Gems of Repurposing
By Karen Parr-Moody

The buzzwords of decor today are reclaim, reuse, repurpose and re-imagine. Repurposing can be creative usage, such as separating the bottom half of a hoosier and turning it into a retro media cabinet. Or it can be taking multiple items, blending them together, and inventing a fabulous smash-up. So it's no wonder that many GasLamp dealers now sell these great old items that have been turned into something brilliant.

Take, for example, these beautiful old egg baskets that have been turned into this industrial-style light fixture (photo, right; $395; Booth B-306). This is exactly the kind of salvaged and reworked type of fixture that was featured in the chic shelter magazine, "Metropolitan Home," last summer. Such reclaimed objects still retain some of their original character, but putting them into another context gives them the feel of finished objects. This is the kind of fixture that would smarten up any type of dwelling, from a cozy farm house to an industrial loft.

Another great example of a repurposed item is this decorative tin tile placed into a shabby chic frame (photo, left; $69; Booth B-306). Tin ceiling tiles reached their height of popularity in the 1890s in America, and in recent years have become popular as wall art. They can be hung singly or in groups. They can also be used in lieu of tile in the backsplash of a kitchen or as tabletop inserts.

This darling teddy bear has been created from an old quilt (photo, right, $24.95; Booth B-110). What a wonderful way to preserve a memory by repurposing an heirloom quilt or baby's quilt that has seen its better days. A quilt is traditionally made of a top, a backing, and a filling of some sort of batting, so the thickness of the design makes for a cozy teddy bear.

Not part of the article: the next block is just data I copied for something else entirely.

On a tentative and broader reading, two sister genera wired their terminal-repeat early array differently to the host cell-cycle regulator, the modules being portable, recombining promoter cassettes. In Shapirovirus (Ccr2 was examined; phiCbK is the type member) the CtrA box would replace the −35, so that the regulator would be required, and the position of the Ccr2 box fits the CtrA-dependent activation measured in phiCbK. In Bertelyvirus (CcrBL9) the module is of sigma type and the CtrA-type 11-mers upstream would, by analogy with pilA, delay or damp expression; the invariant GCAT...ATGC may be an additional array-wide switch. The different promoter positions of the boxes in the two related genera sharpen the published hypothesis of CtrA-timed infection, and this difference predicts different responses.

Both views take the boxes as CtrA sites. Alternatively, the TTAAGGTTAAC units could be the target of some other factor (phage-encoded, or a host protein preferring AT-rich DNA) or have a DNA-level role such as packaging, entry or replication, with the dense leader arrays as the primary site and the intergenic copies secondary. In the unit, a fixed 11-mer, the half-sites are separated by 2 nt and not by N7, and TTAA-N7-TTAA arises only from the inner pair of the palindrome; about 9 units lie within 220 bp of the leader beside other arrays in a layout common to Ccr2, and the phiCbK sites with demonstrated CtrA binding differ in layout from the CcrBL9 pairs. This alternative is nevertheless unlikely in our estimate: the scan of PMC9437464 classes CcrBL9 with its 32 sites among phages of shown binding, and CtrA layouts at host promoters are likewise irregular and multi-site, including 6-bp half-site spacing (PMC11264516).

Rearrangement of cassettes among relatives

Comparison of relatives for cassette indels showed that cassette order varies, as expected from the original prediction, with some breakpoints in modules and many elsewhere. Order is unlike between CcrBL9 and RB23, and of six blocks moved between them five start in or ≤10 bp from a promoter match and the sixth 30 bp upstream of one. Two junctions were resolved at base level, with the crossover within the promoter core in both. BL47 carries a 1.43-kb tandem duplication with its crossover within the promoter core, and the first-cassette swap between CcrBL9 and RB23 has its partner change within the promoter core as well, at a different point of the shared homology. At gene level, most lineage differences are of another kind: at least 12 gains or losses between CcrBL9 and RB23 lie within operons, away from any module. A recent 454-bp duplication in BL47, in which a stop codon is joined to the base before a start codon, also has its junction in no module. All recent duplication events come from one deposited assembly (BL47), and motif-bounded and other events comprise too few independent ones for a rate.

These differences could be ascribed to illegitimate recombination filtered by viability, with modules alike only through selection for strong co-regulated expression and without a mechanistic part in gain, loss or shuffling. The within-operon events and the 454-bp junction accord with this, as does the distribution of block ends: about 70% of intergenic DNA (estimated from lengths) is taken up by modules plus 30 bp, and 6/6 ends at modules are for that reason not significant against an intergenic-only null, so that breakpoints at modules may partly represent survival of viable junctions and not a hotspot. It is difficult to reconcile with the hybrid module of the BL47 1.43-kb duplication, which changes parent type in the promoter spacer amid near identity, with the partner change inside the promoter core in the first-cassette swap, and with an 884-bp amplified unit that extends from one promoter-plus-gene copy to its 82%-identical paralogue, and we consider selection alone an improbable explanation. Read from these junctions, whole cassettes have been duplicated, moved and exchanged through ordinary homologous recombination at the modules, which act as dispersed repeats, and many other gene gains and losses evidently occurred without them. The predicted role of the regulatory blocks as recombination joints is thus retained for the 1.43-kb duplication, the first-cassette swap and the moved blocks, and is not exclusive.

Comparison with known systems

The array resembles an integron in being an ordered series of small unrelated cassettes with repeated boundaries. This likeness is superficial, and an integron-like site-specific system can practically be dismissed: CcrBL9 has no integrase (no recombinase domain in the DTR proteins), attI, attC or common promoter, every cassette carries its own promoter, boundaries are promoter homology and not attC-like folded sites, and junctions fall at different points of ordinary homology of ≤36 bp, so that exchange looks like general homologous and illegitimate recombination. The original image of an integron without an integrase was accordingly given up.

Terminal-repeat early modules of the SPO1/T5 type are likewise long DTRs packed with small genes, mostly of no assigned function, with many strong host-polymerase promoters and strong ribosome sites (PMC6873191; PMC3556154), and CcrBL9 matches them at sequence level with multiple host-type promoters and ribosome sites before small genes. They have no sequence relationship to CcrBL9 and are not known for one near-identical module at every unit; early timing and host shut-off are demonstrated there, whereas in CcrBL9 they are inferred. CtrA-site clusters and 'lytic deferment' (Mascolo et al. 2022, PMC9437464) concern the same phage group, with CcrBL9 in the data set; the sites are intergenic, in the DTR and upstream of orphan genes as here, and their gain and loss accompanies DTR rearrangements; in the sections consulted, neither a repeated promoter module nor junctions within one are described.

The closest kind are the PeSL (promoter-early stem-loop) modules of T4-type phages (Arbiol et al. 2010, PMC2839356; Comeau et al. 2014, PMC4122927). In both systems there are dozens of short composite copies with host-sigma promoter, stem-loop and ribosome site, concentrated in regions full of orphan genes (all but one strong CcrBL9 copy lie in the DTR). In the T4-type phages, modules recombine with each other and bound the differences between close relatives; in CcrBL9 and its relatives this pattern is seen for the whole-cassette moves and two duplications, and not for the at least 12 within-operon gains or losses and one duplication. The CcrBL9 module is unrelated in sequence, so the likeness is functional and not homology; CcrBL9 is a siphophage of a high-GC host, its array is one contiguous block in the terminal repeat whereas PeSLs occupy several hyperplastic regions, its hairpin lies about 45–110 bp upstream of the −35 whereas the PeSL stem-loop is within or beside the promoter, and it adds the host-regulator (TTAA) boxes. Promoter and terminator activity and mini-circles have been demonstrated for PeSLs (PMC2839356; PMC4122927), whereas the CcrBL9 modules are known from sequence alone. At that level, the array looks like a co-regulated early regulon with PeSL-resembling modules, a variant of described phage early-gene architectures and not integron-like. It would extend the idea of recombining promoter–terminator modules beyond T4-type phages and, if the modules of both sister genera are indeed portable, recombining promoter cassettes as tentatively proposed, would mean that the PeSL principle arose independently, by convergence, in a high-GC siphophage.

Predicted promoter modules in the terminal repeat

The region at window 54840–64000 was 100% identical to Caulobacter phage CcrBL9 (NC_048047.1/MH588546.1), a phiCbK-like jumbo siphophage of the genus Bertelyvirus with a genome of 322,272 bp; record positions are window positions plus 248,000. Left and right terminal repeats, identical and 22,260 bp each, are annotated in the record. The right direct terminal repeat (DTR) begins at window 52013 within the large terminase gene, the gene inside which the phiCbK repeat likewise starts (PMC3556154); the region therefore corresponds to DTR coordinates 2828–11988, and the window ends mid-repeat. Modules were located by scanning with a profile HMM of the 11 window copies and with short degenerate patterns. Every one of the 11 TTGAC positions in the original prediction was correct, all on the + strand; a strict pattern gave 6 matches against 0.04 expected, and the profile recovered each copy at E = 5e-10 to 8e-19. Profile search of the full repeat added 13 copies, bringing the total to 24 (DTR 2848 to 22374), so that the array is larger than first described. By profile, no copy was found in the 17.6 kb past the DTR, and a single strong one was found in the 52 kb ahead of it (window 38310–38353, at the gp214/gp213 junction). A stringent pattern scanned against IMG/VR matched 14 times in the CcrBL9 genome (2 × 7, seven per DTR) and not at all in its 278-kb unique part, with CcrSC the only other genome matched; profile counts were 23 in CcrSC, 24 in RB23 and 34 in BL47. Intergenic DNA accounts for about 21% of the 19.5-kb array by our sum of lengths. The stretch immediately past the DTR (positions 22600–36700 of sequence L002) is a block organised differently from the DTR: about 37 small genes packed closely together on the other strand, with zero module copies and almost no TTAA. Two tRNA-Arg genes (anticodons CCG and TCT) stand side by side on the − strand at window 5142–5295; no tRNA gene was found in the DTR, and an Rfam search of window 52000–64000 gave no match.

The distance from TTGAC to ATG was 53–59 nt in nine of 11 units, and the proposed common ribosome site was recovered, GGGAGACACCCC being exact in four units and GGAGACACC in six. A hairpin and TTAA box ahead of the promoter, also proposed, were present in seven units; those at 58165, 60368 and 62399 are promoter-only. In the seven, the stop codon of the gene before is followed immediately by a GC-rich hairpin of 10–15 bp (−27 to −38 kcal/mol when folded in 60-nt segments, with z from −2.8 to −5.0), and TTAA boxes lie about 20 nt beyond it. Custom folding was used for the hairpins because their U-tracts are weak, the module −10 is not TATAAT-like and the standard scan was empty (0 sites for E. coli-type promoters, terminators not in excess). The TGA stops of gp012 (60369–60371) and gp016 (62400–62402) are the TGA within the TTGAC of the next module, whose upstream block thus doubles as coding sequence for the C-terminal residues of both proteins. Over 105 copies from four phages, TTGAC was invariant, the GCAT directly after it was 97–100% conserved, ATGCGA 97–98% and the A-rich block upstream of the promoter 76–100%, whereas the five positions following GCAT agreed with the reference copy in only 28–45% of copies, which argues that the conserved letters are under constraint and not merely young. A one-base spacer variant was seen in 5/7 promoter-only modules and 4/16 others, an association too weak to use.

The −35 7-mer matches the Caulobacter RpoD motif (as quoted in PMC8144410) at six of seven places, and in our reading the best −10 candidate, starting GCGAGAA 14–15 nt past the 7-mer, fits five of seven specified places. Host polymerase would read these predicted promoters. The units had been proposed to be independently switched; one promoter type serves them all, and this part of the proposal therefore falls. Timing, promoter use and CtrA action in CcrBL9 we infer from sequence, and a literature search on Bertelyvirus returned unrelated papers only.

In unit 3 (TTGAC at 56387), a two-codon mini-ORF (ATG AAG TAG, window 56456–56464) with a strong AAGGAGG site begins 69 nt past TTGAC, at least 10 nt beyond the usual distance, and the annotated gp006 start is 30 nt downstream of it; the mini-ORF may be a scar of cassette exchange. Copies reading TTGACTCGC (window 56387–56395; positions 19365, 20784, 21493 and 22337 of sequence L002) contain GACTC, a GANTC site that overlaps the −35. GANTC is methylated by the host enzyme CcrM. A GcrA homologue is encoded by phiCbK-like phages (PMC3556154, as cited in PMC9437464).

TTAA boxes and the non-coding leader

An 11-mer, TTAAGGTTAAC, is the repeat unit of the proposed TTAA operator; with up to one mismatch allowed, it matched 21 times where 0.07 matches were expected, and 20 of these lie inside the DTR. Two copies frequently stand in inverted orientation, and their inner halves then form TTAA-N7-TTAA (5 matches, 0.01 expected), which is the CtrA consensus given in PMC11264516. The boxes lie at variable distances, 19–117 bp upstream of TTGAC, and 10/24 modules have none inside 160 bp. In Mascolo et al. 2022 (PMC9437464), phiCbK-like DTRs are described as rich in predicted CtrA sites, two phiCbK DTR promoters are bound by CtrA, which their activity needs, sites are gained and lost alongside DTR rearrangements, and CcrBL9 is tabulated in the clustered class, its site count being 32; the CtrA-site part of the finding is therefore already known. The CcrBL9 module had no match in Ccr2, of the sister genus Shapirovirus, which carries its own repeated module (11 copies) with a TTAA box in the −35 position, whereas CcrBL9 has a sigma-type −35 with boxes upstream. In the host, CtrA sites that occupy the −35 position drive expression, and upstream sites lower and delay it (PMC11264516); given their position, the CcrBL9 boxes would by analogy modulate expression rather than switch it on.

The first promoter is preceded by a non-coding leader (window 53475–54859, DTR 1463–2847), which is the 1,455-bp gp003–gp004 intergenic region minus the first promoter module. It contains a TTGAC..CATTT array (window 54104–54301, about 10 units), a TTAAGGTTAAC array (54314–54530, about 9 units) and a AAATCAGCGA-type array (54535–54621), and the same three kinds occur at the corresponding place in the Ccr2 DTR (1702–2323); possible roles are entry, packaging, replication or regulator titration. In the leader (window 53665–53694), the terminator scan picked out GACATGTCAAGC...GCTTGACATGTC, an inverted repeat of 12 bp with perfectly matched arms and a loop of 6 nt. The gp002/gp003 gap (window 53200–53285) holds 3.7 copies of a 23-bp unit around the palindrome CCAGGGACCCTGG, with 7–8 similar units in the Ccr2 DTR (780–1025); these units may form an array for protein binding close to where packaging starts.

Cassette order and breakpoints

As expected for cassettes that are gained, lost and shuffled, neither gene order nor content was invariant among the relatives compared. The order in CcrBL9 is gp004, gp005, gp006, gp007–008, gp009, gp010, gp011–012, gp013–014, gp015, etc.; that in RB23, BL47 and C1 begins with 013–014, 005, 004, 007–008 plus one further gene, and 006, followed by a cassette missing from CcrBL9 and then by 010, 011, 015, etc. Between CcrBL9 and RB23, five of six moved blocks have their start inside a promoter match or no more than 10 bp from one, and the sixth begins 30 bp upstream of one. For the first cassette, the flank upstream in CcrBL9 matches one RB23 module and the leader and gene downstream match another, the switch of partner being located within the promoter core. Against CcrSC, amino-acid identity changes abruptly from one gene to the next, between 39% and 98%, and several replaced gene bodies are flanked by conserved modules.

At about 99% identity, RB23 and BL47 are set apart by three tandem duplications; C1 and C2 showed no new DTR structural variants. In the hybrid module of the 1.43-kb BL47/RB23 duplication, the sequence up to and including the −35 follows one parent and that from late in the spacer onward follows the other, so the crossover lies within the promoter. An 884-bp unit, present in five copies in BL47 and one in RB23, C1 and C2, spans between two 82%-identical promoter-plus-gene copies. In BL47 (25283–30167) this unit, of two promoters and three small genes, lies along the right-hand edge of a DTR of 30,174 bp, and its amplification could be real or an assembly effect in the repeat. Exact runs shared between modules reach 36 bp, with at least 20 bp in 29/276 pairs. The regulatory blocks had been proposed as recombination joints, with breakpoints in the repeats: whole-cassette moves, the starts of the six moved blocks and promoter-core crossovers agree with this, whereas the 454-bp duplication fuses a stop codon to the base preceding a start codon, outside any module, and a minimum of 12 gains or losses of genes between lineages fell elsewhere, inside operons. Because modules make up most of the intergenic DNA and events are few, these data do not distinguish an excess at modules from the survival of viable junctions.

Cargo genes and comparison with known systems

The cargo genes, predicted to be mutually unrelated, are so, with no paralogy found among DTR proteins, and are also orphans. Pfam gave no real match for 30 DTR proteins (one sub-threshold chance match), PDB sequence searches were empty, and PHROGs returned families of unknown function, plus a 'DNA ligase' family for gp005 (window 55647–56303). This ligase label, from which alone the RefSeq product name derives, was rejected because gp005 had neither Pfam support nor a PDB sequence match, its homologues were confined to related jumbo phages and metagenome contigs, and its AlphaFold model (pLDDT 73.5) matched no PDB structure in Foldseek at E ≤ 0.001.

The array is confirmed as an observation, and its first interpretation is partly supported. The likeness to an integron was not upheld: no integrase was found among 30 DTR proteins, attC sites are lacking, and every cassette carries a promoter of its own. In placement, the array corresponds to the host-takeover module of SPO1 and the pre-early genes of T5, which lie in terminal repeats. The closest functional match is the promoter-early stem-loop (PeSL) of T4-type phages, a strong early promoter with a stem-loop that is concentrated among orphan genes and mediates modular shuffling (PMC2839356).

Vintage or antique books are beautiful to behold, but sometimes more mileage can be found by featuring the pages as art. This is what has happened with this framed Little Red Riding Hood illustration (photo, left, $48; Booth B-110). It is from the 1927 children's book "Little Red Riding Hood" that was published by Munk, Platt & Munk Company. This plate was created by Eulalie Banks, a well-known children's illustrator born in 1895 in England. Her books fetch high prices today both for their beauty and rarity. (She was also a well-known muralist in her heyday, painting murals for the children's section of the Santa Monica Library in 1928 and for private clients, such as Charlie Chaplin in the 1930s.) What a lovely piece of art history this framed plate would make for a baby's nursery or children's room.

Another fun item of repurposing is this wine cork memo board with corks fixed together in a parquet pattern (photo, right, $50; Booth B-2012). It includes wine corks from the Alsace region and the McManis and Darricarrere wineries. Such a board is the perfect spot for sticking those shopping lists and family photos. Alternately, it could be used for a wedding or party by pinning up the seating cards for guests to discover.

Modern design is, thankfully, so free and open to fresh ideas. And any one of these re-imagined items is sure to transform a room with style.

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